Magnificant Byzantine-era church uncovered in Israel

  • Artwork was  found when a major Byzantine church was excavated
  • Features  Greek symbols, turtles, zebras, flowers and geometric shapes
  • Church  was likely to be a major centre of Christian worship in Aluma, around 30 miles  south of Tel Aviv

By Sarah Griffiths – PUBLISHED:  06:00  EST, 23 January 2014

An ancient mosaic showing a menagerie of  animals from birds to leopards, has been unearthed in southern  Israel.

The intricate artwork was found when a  1,500-year-old Byzantine church was excavated and has Greek symbols, which  archaeologists say shows that it once served as a centre of Christian  worship.

The church ruins were discovered during  excavations ahead of an infrastructure project in Aluma, some 30 miles (50km)  south of Tel Aviv, Israel.

An ancient mosaic showing a menagerie of animals from birds (pictured) to leopards, has been unearthed in southern Israel in a town near Tel Aviv

An ancient mosaic showing a menagerie of animals from  birds (pictured) to leopards, has been unearthed in southern Israel in a town  near Tel Aviv

Archaeologists believe the  church was an important part of a Byzantine settlement, which lay on the main  road running between Jerusalem and the ancient sea port of  Ashkelon.

‘The church  probably served as a centre of Christian worship for neighbouring communities,’ they said.

Experts from the Israel Antiquities Authority  (IAA) discovered marble pillars and the mosaic floor inside the basilica, which  measures 72ft by 39ft (22 by 12metres).

Daniel Varga, director of the  IAA’s excavations, said: The ‘fine mosaic floor decorated with coloured  geometric designs’ lies in the entrance of the church and there is a ‘twelve-row  dedicatory inscription in Greek containing the names Mary and Jesus, and the  name of the person who funded the mosaic’s construction.’

The intricate artwork was found when a 1,500-year-old Byzantine church was excavated and has Greek symbols, which archaeologists said show that it once served as a centre of Christian worship

The intricate artwork was found when a 1,500-year-old  Byzantine church was excavated and has Greek symbols, which archaeologists said  show that it once served as a centre of Christian worship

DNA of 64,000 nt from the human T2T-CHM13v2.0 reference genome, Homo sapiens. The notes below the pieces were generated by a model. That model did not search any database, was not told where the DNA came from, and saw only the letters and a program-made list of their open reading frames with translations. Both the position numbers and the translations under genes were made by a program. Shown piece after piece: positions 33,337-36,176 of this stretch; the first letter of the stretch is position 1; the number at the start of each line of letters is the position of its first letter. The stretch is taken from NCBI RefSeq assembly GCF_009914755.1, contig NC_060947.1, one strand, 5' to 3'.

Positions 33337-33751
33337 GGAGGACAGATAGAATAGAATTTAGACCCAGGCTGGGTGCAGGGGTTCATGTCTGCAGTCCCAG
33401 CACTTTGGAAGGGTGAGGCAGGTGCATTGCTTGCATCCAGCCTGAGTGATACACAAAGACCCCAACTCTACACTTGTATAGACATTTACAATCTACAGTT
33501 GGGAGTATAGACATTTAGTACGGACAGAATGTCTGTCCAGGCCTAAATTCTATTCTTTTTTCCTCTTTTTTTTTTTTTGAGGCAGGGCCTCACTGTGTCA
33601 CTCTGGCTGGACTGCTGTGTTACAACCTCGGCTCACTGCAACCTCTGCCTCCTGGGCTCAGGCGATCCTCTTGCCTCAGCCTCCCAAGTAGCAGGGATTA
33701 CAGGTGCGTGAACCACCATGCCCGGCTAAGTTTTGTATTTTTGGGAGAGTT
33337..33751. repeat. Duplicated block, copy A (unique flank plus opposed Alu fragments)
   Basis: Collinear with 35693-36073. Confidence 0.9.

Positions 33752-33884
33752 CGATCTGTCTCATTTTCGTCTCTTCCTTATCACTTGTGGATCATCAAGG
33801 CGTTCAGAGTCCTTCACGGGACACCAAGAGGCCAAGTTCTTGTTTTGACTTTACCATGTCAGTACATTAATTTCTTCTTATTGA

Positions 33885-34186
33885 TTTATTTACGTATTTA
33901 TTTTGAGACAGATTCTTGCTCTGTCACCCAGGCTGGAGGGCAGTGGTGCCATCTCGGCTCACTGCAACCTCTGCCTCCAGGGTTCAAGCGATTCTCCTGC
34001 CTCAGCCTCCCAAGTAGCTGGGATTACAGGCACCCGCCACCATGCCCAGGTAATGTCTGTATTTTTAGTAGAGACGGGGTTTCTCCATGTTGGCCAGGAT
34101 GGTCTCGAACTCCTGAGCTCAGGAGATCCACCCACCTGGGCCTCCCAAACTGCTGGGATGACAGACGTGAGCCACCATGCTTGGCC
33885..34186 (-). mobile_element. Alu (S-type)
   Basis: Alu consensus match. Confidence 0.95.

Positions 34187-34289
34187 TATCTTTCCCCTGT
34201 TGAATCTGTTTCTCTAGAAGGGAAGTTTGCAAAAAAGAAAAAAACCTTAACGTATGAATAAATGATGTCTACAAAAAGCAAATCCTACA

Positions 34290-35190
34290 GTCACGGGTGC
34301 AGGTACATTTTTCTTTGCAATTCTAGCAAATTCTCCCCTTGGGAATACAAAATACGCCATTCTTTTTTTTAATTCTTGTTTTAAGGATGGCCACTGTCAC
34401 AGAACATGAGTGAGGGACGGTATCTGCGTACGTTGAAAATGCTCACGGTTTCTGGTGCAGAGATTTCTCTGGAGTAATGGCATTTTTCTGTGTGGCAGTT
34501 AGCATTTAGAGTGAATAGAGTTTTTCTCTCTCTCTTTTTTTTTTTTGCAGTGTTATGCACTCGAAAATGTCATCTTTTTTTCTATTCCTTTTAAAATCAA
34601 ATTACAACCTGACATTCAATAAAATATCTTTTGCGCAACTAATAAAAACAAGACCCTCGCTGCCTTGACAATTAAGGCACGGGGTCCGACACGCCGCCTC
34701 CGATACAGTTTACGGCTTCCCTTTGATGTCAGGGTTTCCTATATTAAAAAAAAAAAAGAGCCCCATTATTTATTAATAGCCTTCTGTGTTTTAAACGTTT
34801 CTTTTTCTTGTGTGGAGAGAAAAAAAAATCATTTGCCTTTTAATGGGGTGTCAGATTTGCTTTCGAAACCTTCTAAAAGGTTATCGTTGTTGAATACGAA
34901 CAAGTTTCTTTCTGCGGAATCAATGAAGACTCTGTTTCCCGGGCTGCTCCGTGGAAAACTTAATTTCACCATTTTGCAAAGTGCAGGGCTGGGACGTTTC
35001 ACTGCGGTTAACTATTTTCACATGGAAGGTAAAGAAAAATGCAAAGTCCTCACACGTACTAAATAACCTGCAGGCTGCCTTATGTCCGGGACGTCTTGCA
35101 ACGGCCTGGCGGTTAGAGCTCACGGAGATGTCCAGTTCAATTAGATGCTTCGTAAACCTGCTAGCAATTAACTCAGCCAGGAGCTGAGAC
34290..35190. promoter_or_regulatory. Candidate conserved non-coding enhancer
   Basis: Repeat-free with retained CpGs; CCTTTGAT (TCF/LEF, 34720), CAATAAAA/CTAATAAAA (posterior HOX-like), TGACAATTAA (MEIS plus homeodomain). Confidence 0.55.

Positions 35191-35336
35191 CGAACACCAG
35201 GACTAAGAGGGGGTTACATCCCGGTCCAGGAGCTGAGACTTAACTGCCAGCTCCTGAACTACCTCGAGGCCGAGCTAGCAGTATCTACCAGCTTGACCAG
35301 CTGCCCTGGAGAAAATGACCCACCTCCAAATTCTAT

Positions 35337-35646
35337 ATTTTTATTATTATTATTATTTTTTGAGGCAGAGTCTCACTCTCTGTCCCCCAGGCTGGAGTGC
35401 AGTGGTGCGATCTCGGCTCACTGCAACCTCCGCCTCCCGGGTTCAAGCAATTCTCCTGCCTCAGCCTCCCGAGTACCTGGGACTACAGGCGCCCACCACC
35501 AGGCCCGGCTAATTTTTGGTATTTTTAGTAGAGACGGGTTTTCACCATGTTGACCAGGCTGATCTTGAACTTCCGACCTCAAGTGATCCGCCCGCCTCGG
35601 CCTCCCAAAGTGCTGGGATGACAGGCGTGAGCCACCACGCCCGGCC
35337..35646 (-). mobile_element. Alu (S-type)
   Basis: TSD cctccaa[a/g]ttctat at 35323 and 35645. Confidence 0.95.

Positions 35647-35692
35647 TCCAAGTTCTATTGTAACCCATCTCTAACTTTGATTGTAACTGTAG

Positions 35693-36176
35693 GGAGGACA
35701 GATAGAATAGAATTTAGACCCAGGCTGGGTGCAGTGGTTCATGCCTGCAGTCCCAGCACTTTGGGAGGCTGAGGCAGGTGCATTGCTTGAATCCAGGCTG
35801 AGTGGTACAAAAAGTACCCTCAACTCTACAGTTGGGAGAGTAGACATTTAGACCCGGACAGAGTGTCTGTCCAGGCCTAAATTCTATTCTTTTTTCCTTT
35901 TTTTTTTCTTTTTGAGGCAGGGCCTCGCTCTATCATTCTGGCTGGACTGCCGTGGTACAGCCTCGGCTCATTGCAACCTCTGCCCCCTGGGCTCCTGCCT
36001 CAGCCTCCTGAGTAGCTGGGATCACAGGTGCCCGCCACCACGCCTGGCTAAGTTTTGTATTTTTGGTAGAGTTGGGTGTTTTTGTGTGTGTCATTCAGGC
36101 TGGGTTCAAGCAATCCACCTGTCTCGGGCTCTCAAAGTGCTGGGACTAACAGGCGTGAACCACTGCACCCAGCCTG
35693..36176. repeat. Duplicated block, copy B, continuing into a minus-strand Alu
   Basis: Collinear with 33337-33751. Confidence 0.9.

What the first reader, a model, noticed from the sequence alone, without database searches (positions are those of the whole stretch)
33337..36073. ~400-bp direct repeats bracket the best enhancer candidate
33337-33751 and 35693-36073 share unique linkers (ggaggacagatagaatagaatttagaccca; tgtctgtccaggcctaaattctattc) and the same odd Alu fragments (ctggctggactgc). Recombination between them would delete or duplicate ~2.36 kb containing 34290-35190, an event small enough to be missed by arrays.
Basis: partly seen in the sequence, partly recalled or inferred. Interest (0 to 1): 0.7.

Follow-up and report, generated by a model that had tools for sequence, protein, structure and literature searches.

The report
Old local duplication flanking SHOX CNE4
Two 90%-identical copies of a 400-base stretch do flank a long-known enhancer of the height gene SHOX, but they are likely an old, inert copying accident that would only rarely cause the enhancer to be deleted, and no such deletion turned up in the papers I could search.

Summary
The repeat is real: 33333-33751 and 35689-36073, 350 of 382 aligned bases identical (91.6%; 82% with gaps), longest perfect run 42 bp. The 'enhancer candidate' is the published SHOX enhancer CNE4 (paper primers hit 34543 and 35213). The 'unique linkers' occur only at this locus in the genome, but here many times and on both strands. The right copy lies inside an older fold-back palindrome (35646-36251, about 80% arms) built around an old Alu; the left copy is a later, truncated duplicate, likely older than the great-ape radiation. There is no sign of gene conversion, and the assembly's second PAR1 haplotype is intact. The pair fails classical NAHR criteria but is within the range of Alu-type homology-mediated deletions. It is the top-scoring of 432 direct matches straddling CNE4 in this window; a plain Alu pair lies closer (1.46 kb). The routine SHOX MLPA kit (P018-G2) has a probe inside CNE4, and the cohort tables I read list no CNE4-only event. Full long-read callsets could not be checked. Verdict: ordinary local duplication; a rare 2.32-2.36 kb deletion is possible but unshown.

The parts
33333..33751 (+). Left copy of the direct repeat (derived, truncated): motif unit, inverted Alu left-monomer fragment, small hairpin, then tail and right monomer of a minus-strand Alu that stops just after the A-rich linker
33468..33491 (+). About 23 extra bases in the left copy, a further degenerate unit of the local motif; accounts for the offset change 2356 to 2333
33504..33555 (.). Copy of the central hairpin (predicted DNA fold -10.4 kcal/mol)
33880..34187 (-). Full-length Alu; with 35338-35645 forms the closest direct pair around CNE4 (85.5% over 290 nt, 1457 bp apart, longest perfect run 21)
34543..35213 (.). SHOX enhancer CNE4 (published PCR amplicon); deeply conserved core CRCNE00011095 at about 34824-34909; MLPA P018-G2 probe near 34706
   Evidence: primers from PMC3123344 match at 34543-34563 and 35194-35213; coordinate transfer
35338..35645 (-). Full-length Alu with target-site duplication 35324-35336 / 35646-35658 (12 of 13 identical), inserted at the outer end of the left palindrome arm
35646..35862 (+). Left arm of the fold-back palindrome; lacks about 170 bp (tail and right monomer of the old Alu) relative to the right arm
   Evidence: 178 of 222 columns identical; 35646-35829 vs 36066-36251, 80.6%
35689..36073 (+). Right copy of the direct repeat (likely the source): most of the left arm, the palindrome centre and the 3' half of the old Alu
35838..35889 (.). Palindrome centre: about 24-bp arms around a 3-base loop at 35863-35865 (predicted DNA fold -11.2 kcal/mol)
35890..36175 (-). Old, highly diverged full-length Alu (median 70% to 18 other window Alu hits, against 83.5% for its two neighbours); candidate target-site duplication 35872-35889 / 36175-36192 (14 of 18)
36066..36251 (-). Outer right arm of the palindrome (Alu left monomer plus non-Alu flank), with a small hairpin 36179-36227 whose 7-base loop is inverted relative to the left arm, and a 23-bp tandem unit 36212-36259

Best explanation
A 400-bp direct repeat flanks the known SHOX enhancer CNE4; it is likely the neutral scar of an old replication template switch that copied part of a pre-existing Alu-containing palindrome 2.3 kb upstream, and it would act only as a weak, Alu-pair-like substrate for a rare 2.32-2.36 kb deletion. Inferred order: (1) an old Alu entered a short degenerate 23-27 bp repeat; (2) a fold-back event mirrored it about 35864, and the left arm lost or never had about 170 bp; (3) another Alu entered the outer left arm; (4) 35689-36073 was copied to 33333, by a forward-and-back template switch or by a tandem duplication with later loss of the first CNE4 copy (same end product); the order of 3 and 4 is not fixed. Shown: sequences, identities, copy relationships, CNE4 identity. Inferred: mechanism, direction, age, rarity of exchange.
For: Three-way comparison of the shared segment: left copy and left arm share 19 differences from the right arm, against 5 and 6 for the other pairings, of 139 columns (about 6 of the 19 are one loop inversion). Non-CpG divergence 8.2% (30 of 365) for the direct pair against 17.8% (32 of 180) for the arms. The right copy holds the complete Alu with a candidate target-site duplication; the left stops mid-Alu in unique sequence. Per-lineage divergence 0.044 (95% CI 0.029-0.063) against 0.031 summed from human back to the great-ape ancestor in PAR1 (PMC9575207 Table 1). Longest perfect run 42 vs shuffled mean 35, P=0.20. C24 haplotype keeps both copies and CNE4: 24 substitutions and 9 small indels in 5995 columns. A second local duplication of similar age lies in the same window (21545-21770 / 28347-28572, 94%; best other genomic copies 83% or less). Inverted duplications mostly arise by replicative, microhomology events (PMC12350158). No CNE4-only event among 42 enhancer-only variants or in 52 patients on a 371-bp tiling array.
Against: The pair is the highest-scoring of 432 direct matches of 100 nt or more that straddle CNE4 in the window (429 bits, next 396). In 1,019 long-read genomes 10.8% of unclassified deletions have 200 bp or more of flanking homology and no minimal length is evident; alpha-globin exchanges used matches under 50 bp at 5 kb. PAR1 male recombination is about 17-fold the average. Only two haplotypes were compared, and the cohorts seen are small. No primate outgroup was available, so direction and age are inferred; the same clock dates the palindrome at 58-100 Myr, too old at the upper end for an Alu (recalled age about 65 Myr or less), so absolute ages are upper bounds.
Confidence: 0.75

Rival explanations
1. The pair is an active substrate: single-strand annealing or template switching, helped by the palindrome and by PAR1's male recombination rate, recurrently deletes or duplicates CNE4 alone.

“Usually a Byzantine village had a church, but the size of this church and its placement on the road makes it more important,”  excavator Davida Eisenberg Degen, pictured, said.

The mosaics in what would have been the  church’s nave are decorated with vines in the shape of 40 medallions, which each  show a different animal, including a zebra, leopard, wild boar, turtle and  winged birds as well as botanical and geometric designs.

There are also Greek inscriptions that  mention two local leaders of the church, Demetrios and Herakles.

Enlarge

The mosaics in what would have been the church's nave are decorated with vines in the shape of 40 medallions, which each show a different animal, including a zebra, leopard (foreground), wild boar (back left), turtle and winged birds as well as botanical and geometric designs

The mosaics in what would have been the church’s nave  are decorated with vines in the shape of 40 medallions, which each show a  different animal, including a zebra, leopard (foreground), wild boar (back  left), turtle and winged birds as well as botanical and geometric designs

On both sides of the central nave there are  two narrow halls or side aisles, which also have coloured mosaic floors depicting botanical  and geometric designs, as well as Christian symbols.

A pottery workshop, mainly  for the production of jars, was also uncovered during the excavations and  yielded numerous finds, including, amphorae, cooking pots, bowls and different  types of oil lamps.

Glass vessels typical of the Byzantine period  were also discovered at the site, and indicate a rich and flourishing local  culture, archaeologists said.

On both sides of the central nave there are two narrow halls or side aisles, which also have coloured mosaic floors depicting botanical and geometric designs, as well as Christian symbols. This mosaic shows vine medallions framing birds and Greek words